The small but dynamic domestic private sector also produced some lucrative opportunities. Private, part-time schools, which appeared in large numbers in the mid-1980s, offered moonlighting work to university professors, who could double or triple their modest incomes if they were from prestigious institutions and taught desirable subjects, such as English, Japanese, or electronics. Small-scale entrepreneurs could earn considerably more in the free markets than the average income. Business people who served as a liaison between foreign firms and the domestic economy could earn incomes many times higher than those of the best-paid employees of state-owned units. A handful of millionaire businessmen could be found in the biggest cities. These people had owned firms before 1949, cooperated with the government in the 1950s in return for stock in their firms, and then lost their incomes in the political turmoil of the Cultural Revolution. In the late 1970s and early 1980s, when these businessmen were politically rehabilitated, their incomes were returned with the accrued interest, and some suddenly found themselves quite wealthy. Although the number of people earning incomes far beyond the normal wage scale was tiny relative to the population, they were important symbols of the rewards of economic reform and received a great deal of media attention. In 1985 most of these people worked in enterprises classified as "units of other ownership" (private rather than state- or collectively owned enterprises). These enterprises employed only 440,000 people out of the total urban labor force of 128 million in 1985 and paid average annual salaries of -Y1,373, only slightly higher than the overall urban national average.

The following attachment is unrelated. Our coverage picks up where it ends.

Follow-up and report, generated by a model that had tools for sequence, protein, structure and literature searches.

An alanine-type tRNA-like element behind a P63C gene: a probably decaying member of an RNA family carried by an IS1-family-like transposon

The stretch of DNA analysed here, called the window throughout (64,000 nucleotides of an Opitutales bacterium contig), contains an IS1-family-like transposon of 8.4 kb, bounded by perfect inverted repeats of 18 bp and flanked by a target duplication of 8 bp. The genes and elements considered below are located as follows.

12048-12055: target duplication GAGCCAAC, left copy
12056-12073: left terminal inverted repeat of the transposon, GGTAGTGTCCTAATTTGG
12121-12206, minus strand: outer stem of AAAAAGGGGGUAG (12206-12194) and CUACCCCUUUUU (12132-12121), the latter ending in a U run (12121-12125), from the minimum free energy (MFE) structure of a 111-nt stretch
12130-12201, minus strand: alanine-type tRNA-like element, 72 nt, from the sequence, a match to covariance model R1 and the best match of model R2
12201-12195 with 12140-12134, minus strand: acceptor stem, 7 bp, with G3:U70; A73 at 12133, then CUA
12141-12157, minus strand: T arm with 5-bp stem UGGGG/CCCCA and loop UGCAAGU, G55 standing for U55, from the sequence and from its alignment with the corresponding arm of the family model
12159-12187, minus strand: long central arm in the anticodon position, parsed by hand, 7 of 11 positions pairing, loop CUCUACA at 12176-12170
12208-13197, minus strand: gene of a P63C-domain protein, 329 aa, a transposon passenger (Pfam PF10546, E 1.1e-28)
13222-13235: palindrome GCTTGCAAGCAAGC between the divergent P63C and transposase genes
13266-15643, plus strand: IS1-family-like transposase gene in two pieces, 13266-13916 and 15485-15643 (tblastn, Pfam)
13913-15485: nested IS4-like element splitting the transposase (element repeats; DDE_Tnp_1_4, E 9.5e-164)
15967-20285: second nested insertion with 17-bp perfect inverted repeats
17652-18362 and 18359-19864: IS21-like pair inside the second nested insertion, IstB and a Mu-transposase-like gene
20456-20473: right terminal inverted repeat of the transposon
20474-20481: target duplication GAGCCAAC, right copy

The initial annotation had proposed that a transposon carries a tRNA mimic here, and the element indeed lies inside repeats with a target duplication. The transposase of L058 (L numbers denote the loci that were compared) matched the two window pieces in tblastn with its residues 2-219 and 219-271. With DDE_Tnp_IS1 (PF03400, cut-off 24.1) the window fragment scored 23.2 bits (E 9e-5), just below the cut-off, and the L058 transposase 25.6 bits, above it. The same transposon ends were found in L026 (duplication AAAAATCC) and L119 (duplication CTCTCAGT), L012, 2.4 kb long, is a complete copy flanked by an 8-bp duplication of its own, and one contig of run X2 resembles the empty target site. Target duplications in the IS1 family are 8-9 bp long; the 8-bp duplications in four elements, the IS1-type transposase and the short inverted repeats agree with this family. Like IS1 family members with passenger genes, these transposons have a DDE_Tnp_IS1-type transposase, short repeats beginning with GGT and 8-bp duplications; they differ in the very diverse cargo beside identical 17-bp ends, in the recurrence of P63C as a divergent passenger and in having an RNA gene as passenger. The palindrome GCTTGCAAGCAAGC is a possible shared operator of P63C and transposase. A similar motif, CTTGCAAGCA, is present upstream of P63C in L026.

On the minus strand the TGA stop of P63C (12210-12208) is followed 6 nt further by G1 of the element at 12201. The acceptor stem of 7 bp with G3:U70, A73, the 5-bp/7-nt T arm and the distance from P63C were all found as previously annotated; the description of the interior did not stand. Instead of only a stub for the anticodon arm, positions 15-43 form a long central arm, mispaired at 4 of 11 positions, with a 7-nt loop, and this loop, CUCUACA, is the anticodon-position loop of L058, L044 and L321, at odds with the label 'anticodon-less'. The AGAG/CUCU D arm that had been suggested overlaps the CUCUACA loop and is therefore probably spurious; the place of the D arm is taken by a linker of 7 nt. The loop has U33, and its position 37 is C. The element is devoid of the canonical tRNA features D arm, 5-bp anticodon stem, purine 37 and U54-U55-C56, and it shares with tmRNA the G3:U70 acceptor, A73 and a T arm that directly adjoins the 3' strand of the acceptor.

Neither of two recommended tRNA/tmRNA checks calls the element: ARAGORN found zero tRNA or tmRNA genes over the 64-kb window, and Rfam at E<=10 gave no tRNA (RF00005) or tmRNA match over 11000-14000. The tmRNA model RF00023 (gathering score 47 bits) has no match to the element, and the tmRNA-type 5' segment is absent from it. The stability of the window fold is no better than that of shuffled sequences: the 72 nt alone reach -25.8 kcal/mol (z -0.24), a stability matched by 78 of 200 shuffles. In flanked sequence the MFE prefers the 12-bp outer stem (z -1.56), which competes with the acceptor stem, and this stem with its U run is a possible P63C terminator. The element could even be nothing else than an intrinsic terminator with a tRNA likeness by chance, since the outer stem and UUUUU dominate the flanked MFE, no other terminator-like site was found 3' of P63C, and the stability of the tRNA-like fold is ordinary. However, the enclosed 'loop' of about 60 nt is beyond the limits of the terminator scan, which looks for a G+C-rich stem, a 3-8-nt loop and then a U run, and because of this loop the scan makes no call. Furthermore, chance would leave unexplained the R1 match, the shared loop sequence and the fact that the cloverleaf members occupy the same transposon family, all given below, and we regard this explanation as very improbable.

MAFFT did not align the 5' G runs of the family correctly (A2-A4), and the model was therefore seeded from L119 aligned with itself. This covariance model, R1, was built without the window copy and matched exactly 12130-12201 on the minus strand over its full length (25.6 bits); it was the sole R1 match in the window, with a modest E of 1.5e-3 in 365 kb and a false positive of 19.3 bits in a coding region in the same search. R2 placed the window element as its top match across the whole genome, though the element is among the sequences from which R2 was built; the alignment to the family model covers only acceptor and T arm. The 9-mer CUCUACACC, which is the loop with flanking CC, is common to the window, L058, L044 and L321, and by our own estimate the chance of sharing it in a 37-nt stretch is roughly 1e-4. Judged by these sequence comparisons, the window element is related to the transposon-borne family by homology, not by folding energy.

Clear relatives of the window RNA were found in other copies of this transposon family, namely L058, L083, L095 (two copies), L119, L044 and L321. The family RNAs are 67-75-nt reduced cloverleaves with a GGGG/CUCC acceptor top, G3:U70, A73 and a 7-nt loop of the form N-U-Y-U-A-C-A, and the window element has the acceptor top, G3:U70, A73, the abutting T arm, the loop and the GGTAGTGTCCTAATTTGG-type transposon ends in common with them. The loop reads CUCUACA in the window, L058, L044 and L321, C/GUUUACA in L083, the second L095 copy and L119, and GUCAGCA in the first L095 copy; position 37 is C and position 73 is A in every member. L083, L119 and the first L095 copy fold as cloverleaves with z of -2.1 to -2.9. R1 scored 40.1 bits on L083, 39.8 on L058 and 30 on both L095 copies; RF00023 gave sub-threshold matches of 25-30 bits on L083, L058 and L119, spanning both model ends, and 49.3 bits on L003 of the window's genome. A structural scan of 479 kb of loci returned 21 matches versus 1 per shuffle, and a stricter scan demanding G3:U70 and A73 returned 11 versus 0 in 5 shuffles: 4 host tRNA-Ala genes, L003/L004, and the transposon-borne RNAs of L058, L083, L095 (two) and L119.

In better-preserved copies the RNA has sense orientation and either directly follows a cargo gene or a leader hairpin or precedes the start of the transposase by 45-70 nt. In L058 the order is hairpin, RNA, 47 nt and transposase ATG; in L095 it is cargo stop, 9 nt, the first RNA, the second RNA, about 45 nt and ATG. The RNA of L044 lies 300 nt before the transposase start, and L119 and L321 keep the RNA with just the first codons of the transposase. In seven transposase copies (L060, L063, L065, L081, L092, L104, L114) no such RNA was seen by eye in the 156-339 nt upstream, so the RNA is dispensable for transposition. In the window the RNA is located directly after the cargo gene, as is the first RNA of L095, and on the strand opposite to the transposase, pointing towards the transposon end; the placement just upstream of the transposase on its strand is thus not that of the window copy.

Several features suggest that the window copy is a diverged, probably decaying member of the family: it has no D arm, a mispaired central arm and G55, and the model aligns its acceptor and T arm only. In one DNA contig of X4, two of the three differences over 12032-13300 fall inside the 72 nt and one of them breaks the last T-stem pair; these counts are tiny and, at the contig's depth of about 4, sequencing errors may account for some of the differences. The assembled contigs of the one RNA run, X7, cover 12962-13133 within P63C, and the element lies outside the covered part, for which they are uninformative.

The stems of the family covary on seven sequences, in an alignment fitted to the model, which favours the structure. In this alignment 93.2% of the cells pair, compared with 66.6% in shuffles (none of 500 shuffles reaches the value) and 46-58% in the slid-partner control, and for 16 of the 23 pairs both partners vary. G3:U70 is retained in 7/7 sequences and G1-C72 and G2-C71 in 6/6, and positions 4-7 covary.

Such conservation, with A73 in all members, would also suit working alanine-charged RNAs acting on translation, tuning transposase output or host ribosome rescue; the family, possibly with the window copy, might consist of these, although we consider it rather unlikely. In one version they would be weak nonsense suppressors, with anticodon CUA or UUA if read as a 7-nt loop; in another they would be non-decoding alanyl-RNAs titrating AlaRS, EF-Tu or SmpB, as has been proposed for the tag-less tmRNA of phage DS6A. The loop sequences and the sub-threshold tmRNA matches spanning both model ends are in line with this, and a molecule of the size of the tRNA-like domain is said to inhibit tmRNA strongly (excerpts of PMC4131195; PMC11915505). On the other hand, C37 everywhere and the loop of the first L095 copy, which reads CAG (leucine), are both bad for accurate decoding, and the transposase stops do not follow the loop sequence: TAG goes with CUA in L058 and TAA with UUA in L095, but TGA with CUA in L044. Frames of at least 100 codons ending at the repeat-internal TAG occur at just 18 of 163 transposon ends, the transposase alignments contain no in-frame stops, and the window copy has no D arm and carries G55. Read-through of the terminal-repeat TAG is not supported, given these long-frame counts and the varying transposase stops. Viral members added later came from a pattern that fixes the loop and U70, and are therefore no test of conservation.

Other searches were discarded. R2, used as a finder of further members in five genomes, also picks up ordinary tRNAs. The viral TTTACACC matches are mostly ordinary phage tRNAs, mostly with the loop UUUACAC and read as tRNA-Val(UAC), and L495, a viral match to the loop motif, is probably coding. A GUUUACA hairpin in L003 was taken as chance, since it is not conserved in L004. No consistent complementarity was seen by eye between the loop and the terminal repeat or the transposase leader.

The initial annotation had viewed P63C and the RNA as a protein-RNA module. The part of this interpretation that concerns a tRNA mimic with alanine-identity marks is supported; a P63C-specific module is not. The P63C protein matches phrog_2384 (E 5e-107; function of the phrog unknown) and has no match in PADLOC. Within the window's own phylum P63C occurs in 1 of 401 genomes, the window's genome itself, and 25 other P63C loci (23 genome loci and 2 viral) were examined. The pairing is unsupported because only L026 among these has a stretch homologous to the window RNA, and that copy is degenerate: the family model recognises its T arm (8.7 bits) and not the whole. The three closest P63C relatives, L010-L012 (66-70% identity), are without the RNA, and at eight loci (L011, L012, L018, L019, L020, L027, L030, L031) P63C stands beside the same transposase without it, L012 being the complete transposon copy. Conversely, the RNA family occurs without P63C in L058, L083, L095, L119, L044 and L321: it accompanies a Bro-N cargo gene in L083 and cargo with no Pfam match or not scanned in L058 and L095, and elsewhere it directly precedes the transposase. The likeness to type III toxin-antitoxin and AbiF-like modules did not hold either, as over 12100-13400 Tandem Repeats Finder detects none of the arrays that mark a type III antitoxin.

In China, as in other countries, an important determinant of the affluence of a household was the dependency ratio--the number of nonworkers supported by each worker. In 1985 the average cost of living for one person in urban areas was -Y732 a year, and the average state enterprise worker, even with food allowance and other benefits added to the basic wage, had difficulty supporting one other person. Two average wage earners, however, could easily support one dependent. Families with several workers and few or no dependents had substantial surplus earnings, which they saved or used to buy nonessential goods. An important positive influence on the per capita consumption levels of urban families was a decline in the number of dependents per urban worker, from 2.4 in 1964 to 0.7 in 1985. In farm families the dependency ratio fell from 1.5 in 1978 to 0.7 in 1985. Farm incomes rose rapidly in the 1980s under the stimulus of the responsibility system but on average remained considerably lower than urban incomes. Household surveys found that in 1985 average net per capita income for rural residents was - Y398, less than half the average per capita urban income, which was -Y821. The value of goods farmers produced and consumed themselves accounted for 31 percent of rural income in 1985. The largest component of income in kind was food, 58 percent of which was self-produced.